For the quartz sand cultures, the brownish 'aquarium sand' is acid-washed before use. Sand culture pots are soaked with a nutrient-poor 'Geosiphon medium' (GM32) 0.1 mM MgSO4, 0.2 mM Ca(NO3)2, 0.1 mM KCl, 1 pM K2HPO4,12 pM FeCl3,12 pM Na2-EDTA, 0.08 pM ZnSO4,0.9 pM MnCl2,16.2 pM H3BO3,0.04 pM CoCl2,0.08 pM Na2MoO4,0.01 pM CuSO4, 0.01 pM NaHSeO3, 0.01 pM NiCl2, 0.01 pM Na3VO4, 0.005 pM K2Cr2O7, 0.5 mM MES, pH 6.0 (KOH-titrated). We currently also add KBr (0.1 pM 'GM33'). The sand cultures do not work without a thin charcoal layer scattered at the surface (Figs. 1,2 and 3).

Other Isotopes That Can Be Important In Plant Iron Research

Carbon radioisotopes such as 14C and 11C have also been used in plant Fe research. Carbon-14 was used to study the plant uptake and breakdown of synthetic Fe(III) chelates by Hill-Cottingham and Lloyd-Jones (1961) and Jeffreys et al. (1961), using 14C labelled EDTA and EDDHA to synthesize 59Fe-14C-labeled Fe(III)-EDTA and -EDDHA. These dual-labelled Fe-chelates were used to investigate the uptake of the whole organic molecule by roots (Hill-Cottingham and Lloyd-Jones, 1961). Recently, a protocol to incorporate 14C into nicotianamine, a non-proteinogenic amino acid considered to be a key component in Fe homeostasis in plants, has been developed by Schmiedeberg et al. (2003), using the precursor S-adenosylmethionine labelled with 14C and a recombinant nicotianamine synthase. Also, studies with 14C were made to identify maize root exudates involved in Fe trafficking in the rhizosphere and to estimate their amount (Kuzyakov et al., 2003). Maize plants were labelled in a 14CO2 atmosphere...

Interaction of Metals with Nucleic Acids

In general metals can interact directly or indirectly with nucleic acids. The numerous nucleophilic centres in nucleic acids are favourite binding sites for metal ions. The type and localisation of binding apparently depend on the metal considered. Induction of crosslinks between both DNA strands, single-strand DNA breaks and chelation or formation of complexes between DNA and metals were described (see Gebhart and Rossman, 1991, for a review). Similar reactions can also be expected between metals and RNA, thereby affecting the specific functions of the latter.

Ironfertilization increases fruit quality

Factors affecting fruit quality other than fruit size have been mainly studied in Citrus spp. The first trials with Fe-EDTA in Florida already indicated that Fe fertilization in Fe-deficient Citrus trees improved fruit quality, increasing soluble solids and volume of juice per fruit, slightly decreasing titratable acid in the juice and improving fruit color (Sites et al., 1953). Increases in yields of Fe-deficient Citrus aurantifolia after soil and foliar Fe fertilization were associated with increases not only in fruit weight (30 ) but also in juice contents (10 ), and also to decreases in total acidity (10 ), total soluble solids (25 ) and ascorbic acid concentrations (10 ), probably because of the dilution effect caused by a larger amount of juice per fruit (El-Kassas, 1984). Foliar Fe treatments repeated 10 times during the year (from August to February) increased the quality of March-harvested fruits in Citrus sp. through increases in fruit size and juice content and decreases in...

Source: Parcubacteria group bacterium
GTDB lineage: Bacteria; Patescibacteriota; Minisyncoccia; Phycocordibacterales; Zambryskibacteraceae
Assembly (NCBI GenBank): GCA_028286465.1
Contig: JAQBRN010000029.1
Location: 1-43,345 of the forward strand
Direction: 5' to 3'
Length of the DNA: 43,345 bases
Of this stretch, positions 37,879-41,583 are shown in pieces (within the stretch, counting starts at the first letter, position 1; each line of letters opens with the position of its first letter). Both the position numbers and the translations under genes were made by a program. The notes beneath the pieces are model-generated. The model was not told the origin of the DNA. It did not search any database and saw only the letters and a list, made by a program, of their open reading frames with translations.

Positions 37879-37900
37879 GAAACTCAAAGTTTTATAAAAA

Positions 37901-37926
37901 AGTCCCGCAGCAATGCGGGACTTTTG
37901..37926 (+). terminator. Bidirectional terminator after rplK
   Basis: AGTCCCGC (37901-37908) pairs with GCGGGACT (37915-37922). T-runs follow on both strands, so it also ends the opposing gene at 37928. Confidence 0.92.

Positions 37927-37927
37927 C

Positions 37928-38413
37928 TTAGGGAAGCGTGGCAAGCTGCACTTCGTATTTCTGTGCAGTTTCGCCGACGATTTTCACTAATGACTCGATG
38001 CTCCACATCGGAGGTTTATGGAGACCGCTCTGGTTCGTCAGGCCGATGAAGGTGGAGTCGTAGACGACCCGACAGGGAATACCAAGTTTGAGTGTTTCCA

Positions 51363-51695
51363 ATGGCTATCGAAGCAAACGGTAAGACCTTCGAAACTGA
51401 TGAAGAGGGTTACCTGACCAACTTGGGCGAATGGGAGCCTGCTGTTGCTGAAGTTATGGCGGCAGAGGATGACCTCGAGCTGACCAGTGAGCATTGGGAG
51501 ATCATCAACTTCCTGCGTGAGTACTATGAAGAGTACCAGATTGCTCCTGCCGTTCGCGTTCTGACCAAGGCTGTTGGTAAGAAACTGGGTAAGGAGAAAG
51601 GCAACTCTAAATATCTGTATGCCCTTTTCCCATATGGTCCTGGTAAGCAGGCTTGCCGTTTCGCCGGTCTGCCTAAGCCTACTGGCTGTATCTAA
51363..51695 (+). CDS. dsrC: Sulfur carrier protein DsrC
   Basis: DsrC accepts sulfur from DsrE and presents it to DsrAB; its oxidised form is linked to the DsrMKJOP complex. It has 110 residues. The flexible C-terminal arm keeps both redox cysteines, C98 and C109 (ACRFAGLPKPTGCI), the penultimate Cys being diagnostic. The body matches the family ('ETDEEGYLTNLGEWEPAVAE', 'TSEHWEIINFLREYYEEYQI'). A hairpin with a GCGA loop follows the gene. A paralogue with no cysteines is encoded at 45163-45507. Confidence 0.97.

Isolation of Plasma Membrane Lipid Rafts

Recently, lipid raft plasma membrane domains were identified in plants based on their insolubility with the detergent Triton X-100 (Berczi and Horvath, 2003 Mongrand et al., 2004 Borner et al., 2005). First results obtained using thin-layer chromatography revealed that both quantitative and qualitative differences exist between the lipid composition of plant plasma membranes isolated from etiolated bean hypocotyls and green Arabidopsis leaves (Berci and Horvath, 2003). Later, protocols for the preparation of Triton X-100 detergent-resistant membranes (DRMs) from Arabidopsis callus were developed by Borner et al., (2005). Further, a proteomics approach using two-dimensional gel electrophoresis and liquid chromatography-tandem mass spectrometry revealed that the DRMs were highly enriched in specific proteins. Among them, eight glycosylphosphatidylinositol (GPI)-anchored proteins, several plasma membrane (PM) ATPases, multidrug resistance proteins and proteins of the stomatin prohibitin...

Iron homeostasis and translocation as affected by other metals

The intracellular level of Fe and other heavy metals are by all means strictly regulated, and different substances are involved in the process. Nicotianamine (NA), a non-proteogenic amino acid ubiquitous in higher plants, seems to be the principal chelator of Fe within the cell when Fe is not bound to target molecules such as heme or stored as phytoferritin (Hell and Stephan, 2003). Nicotianamine may function in keeping Fe soluble and available as well as preventing Fenton reactions, which lead to oxygen radical formation when free Fe2+ ions are present (von Wiren et al., 1999). Organic acids and amino acids are also available chelating agents for Fe, although the stability constants of those complexes are high enough only for Fe3+ (see Table 6-1 for citrate). The synthesis of potential chelating agents in the cytoplasm may raise the question of competition between metals for organic ligands, especially under conditions of hyperaccumulation. Although the basic factors determining the...